Content Marketing’s Dirty Little Secret

Even though Eat Media is in the business of producing relevant content I have a dirty little secret to tell you…it is the delivery of relevant content that’s proving to be the difference maker—”the how that shapes the what.” Widgets, Facebook, Twitter, slideshows, videos and mashups are forcing us to create new types of stories. Some steadfast journalists will say that this is the downfall of our society, that no one reads anymore, that to be a great writer requires you to be a great reader. I completely agree. And I say to you—”start reading Beckett, Marcus, Barthelme and Markson,” and learn to reinvent your storytelling, because your world is getting rocked.

Virginia Heffernan just published an amazing piece in this Sunday’s New York Times Magazine that eerily echoed an email I sent to an industry friend by about an hour.  Read the article, then read the comments related to the article, let out an audible “hmmm”, pour yourself a glass of wine and start figuring out how best to tell your story in fantastic new ways.

Are We Forever Changing the Way We Consume Content?

Last night I spoke with a friend who has always been an avid magazine reader. He stated — “I don’t really read anymore. I just sort of skim.” To which I asked, “online or in print?” His answer, “both”. There is some content you skim and some you read first letter to last punctuation. But is there a change afoot?

Despite all the talk about magazines folding, people still read online and in print and will continue to do so. Both mediums have the ability to target a specificity like Snowboarding and provide general news a la CNN, but print historically engages a reader longer—though that may be changing with the younger generation. So for now, while people aren’t reading novels online (simmer down Kindle converts), and (like it or not tree huggers) people are printing out e-books and whitepapers instead of reading them online, we have both mediums to contend with.

Content Consumption

People certainly have less time to devote to reading. With RSS readers, Meta content sites and Google we are quickly becoming a society who consumes very focused media—we are going content narrow—feeding and creating specialists. Some think we are getting stupid because of this onslaught of content, while others contend it’s a natural rewiring.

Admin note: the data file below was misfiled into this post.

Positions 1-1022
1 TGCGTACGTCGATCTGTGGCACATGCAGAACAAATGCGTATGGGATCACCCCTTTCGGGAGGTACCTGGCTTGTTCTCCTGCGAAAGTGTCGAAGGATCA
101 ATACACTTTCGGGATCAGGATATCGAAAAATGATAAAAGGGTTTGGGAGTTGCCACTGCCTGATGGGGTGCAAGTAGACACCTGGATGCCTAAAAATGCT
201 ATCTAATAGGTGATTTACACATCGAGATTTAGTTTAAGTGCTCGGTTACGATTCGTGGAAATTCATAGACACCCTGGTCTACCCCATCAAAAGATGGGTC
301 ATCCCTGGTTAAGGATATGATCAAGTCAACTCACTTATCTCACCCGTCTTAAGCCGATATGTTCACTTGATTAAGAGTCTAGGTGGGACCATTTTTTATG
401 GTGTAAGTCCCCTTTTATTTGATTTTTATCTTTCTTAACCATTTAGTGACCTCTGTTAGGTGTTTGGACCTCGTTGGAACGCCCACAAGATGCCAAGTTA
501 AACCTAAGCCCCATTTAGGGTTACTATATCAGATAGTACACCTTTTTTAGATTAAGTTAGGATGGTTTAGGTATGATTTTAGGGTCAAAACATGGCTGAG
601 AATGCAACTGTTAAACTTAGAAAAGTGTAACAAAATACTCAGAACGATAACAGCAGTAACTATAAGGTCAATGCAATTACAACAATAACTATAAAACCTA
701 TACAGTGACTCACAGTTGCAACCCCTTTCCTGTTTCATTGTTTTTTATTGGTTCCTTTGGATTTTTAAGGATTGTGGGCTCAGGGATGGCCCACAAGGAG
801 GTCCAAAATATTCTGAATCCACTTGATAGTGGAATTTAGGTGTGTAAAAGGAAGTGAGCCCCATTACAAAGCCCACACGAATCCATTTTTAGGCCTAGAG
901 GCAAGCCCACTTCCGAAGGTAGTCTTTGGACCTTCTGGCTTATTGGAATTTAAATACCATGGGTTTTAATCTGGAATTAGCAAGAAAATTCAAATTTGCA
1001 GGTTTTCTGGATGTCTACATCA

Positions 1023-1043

In today’s new digital landscape both consumers and businesses are reading (and publishing) for different reasons, in a completely different manner, because of the different mediums. Some are reading to be personally informed, others to be entertained and some to research/assist a purchasing decision. (When companies really nail their messaging the output is a perfect blend of all three.) But there is little doubt that we are consuming content from more sources than ever before. As a business this poses multiple challenges regarding management and operations.

—Who is going to manage this internally?

—How do you best determine what content you have internally?

—What are the best content medium(s) for you to deliver your content given your technology expertise?

—How do you determine the best content medium to deliver each individual story?

Advertising, marketing, and content marketing have merged into one comprehensive solution to help with this. Businesses cannot think advertising/marketing without thinking—what ongoing content is going to support this campaign? Using one content agency/digital agency is more affordable and has a better ROI than the siloed approach of having: an ad agency, pr agency, design agency, marketing agency and a dirth of freelance copywriters to manage. Today, medium sized organizations can have the same shine as the big boys for much less. But determining what content you have, what your story is and assessing all the new ways users consume media is priorty one.

The Lights Go Out

You know the end of the year is approaching when you start seeing lists of trends from the previous year. In keeping with the glum economic attitude out there, let’s take a look at the print magazines that kicked the bucket this year. (Mind you, some of them retain online offerings of varying quality.) Much more detail from AdAge here.

1.    PC Magazine – OK, this was a planned jump to online only, where it should retain readership, but will it turn a profit?
2.    Sports Illustrated Latino – It’s hard to imagine that the fastest growing segment of the American population couldn’t support a sports magazine that actually covered soccer in proper fashion, but maybe this one will return when the economy picks up.
3.    Play – This New York Times insert was as cool as any offering from Dead Trees Walking, but it didn’t pull the ad dollars.
4.    Radar – Too much. Too soon. Too late. Bad timing all around.
5.    Future snowboarding – I lived in snow country for a decade. Snowboarders don’t read magazines that don’t come in brown paper wrappers.
6.    Cottage Living – There may be copies of this holding down the coffee table at home, but I’ve never opened one.
7.    O at Home – Oh my, I wasn’t even aware that there was O the magazine, let alone a publishing empire solely dedicated to the queen of daytime TV.
8.    Cosmo Girl – What could tweens learn from this that they’re not already picking up from Gossip Girl?
9.    Home – Published since 1951, Home isn’t going to be the first venerable publication to disappear from the newsstands in the next year.
10.    Quick and Simple – More like short and pointless.
11.    Men’s Vogue – Advertisers loved the idea, but there weren’t enough metrosexuals to keep readership going.
12.    02138. If you don’t know what Zip code that is, you didn’t bother.
13.    Playgirl – Considering what’s available online, it’s amazing that any porn makes it to the printed page these days.